Note the difference between a strategy and what might be called an SEO task list, which contains a list of recommended tasks to complete. Without the strategy, a task list conveys no priorities or comprehensive plan of action. Tasks may be taken or not, either way, because there is no sense of the importance each plays in the overall SEO strategy. However, without the task list the strategy is just a fluffy ideal that’s difficult to translate to actions.

Clearly, an SEO audit requires both a strategy and a prioritized action plan. The strategy builds off of the analysis to identify how the client can capitalize on the opportunities to improve their organic search brand impressions, visits and conversions. And the prioritized action plan breaks the strategy down into discreet projects or deliverables that can be put to an agreed upon timeline and executed against.

To be more confident that you’re getting what you need from a potential SEO firm, consider asking some of these questions in a request for proposal.

SEO Business Questions

  • What is the firm’s SEO philosophy? What makes them better than other SEOs?
  • Who will be assigned to the project? Make sure to Google the team: Do team members speak or write about SEO; are they active in the industry; is their reputation strong?
  • Will the firm outsource this project to other consultants or agencies? Consider who will actually be doing the work, and its reputation for ethical SEO.
  • What SEO services does the firm provide or not provide? If you have a clear idea of the main SEO issues of your site, make sure they align with that SEO’s strengths.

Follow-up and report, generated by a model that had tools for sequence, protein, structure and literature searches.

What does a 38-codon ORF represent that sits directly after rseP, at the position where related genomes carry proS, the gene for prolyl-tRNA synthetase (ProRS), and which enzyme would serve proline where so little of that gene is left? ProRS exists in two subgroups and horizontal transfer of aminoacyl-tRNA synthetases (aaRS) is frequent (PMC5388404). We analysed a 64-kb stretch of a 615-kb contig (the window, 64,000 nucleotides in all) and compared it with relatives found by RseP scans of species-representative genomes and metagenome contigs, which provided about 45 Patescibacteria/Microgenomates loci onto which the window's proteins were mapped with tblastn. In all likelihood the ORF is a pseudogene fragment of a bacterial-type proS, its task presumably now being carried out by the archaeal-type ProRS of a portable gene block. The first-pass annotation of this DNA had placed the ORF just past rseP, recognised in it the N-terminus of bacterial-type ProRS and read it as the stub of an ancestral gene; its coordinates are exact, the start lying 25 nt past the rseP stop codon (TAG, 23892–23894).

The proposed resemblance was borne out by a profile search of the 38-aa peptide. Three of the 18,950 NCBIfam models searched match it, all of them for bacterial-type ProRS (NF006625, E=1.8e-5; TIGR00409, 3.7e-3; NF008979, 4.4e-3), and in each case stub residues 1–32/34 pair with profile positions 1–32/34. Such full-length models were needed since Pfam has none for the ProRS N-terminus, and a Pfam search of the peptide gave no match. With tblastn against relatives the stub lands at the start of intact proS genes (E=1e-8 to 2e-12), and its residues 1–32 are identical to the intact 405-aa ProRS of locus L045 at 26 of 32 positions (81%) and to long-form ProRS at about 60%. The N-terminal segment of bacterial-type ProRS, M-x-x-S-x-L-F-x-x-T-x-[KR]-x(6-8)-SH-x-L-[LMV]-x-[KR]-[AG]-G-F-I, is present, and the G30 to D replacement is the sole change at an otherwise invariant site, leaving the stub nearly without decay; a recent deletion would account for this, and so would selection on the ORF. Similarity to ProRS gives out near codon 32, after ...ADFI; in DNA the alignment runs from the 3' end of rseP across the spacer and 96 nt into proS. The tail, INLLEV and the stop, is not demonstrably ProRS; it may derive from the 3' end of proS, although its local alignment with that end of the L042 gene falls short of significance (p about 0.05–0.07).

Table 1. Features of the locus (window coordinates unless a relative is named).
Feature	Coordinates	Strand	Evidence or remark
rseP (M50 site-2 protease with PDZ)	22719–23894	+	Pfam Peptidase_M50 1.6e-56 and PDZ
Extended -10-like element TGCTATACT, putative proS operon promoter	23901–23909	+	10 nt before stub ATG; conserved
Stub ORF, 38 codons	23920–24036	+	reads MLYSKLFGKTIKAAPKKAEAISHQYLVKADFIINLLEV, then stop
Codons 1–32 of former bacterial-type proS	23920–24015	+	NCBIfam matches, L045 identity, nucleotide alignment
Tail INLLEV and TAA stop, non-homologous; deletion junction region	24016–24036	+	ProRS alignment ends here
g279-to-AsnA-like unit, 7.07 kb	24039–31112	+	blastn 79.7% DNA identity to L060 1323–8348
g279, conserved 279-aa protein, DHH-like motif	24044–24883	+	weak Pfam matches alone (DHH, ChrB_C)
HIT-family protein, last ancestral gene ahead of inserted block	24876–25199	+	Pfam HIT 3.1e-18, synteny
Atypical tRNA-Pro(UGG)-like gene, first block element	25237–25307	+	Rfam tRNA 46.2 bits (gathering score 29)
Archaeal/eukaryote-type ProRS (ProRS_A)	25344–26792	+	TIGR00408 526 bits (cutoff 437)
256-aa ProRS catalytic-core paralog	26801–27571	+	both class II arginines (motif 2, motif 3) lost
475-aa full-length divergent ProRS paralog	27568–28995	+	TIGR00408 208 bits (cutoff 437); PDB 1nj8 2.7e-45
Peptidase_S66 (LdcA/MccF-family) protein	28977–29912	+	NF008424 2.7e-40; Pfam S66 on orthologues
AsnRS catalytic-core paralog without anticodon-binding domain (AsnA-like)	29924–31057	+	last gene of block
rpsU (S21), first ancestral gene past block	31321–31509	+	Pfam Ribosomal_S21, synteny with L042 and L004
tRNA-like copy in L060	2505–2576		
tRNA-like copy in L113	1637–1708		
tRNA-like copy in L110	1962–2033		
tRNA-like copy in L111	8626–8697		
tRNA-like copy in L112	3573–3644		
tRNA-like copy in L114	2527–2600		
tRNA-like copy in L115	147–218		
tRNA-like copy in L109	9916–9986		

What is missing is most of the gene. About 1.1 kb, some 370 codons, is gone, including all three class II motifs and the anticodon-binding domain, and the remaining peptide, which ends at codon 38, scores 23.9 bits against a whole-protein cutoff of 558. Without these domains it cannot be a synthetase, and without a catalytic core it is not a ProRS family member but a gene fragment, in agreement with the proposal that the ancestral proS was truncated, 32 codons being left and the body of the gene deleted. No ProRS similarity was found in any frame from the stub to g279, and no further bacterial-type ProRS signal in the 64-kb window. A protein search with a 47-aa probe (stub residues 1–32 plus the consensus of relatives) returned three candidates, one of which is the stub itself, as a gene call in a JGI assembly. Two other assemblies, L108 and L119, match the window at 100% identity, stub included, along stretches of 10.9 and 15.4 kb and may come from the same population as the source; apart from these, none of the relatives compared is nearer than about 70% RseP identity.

Deliverable Questions

  • Ask the firm to describe its typical SEO audit. What input is needed from the client? What form does the output consist of? What is the audit’s purpose in the engagement? How long does it take to complete? What will it cost?
  • Ask the firm to provide sample documentation or portions of an audit? This is a tough one because sample work is by nature confidential and can be difficult to sanitize sufficiently to give to a prospective client as a sample. But samples can be a very clear window into the actual product delivered.
  • Ask the firm to describe its SEO approach to (a) technical and architectural issues, (b) keyword research, (c) content optimization, and (d) link building and social media.
  • How does the firm measure SEO success?

Proof of Expertise

  • What three recommendations would the SEO firm make to improve the site’s SEO? It’s not reasonable to expect from the firm hours of analysis and recommendations before a contract is signed, but the firm should be able to turn up at least three suggestions that go beyond “get more links” or “optimize title tags.”
  • Ask the firm to provide two client references. Consider the source objectively. Make sure to ask the references about the firm’s communication, responsiveness, and professionalism as well as its knowledge level and work product.
  • Ask the SEO firm to provide case studies of past successes. For an audit, case studies are difficult. The audit represents the beginning of an engagement, whereas case studies are typically focused on documenting the successful implementation and performance improvements months down the line.
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Jill Kocher
Jill Kocher